A total of 27 project partners have come together under the ULTIMATE project (industry water-utility symbiosis for a smarter water society).
Co-financed by the European Commission, the four-year Horizon2020 project is being carried out under the EU Water in the Context of the Circular Economy programme.
The ambition is to create economic value and increase sustainability by valorising resources within the water cycle. Water is being repositioned as a vector for energy and materials, instead of merely being disposed of after collection and treatment.
ULTIMATE uses real-world, large scale industrial demonstrations to build evidence-based symbiosis applications that unlock water-embedded resources including (waste)water, energy and materials.
In total, the project has selected nine large-scale demonstrations (demosites) across Europe from the agro-food, beverage, petrochemical and biotech sectors.
From water utilities to whisky distilleries, the partners represent a variety of stakeholders who could benefit from circular economy activities. In this sense, collaboration is the start for innovation and local implementation.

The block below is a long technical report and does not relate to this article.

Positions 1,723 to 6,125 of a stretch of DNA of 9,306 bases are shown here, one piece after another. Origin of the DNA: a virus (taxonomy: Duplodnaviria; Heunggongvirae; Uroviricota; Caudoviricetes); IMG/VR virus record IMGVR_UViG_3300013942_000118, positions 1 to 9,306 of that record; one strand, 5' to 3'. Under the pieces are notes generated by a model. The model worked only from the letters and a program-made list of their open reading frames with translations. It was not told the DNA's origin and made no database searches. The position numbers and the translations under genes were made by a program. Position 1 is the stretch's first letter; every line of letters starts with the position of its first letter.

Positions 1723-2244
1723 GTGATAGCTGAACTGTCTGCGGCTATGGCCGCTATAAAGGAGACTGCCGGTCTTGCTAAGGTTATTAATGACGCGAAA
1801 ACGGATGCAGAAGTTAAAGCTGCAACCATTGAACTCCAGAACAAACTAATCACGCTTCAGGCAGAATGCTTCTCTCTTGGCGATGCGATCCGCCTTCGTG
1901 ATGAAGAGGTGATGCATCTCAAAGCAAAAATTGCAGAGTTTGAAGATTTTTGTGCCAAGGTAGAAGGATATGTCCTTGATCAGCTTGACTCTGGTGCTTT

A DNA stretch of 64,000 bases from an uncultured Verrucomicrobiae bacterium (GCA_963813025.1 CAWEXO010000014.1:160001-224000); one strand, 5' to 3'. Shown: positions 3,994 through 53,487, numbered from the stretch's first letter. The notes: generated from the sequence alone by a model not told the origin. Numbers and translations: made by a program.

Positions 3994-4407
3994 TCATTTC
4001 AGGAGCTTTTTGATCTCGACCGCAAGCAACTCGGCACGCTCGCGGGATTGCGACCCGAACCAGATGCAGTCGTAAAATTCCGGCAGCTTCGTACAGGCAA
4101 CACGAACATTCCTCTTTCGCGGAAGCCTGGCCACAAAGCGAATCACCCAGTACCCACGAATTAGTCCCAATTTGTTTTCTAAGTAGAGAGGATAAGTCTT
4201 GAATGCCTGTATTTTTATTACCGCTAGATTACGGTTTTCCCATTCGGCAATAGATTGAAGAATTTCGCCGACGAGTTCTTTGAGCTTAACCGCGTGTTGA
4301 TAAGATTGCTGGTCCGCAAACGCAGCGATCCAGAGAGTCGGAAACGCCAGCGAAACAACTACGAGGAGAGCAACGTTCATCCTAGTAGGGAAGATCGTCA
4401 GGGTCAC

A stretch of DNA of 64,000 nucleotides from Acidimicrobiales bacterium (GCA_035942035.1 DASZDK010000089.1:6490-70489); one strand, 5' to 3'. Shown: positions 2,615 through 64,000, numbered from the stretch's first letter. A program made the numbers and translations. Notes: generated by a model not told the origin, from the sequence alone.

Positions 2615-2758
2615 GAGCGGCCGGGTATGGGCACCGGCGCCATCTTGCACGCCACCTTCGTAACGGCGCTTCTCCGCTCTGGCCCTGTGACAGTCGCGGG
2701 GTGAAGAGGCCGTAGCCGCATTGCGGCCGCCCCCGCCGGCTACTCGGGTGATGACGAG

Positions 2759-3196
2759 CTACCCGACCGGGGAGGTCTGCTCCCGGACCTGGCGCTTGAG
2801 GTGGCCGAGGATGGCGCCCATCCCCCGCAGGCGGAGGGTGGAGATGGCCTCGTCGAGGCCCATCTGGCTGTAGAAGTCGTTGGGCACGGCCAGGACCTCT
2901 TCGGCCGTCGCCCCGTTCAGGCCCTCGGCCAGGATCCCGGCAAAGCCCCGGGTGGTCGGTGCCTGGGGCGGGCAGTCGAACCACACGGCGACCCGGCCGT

Project ULTIMATE co-ordinator Gerard van den Berg, PhD, Project Manager (International Research Programme) at the KWR Water Research Institute, said, “For me, ULTIMATE is not just a four-year project. I aim to achieve collaborations to co-create, transfer knowledge and exploit new developments. In this perspective, I see it as a process.
I also believe we should find ways beyond the project to stimulate continuous interaction between industry and research. In one sense, the projects bring together research and utility communities and then afterwards, utilities often continue with business as usual. There is added value in having this continuous interaction, even after the new ideas have been implemented, to learn from the experience.
Research and policy departments across Europe are looking for well-established examples, often asking ‘Where does it work in practice?’ or ‘Where is your biggest showcase?’. Even though conditions in China or Singapore, for example, will be different from here, it is important to show examples of implementation. These can then be applied under local conditions, with different cultures and investments.”
Hadas Raanan Kiperwas, PhD. Researcher, Effluent Treatment and Reuse, Water Quality Division, Mekorot, said, “Mekorot is very excited to be a part of the ULTIMATE consortium. ULTIMATE is our second collaboration with many members of this group (the first was during the SMART-Plant consortium), and we hope to build on and expand our previous experience.
We are excited that ULTIMATE will be the first project installed at our new R&D centre for water reuse at the Shafdan site, the largest wastewater treatment plant in Israel treating 370,000m3/day of municipal wastewater.”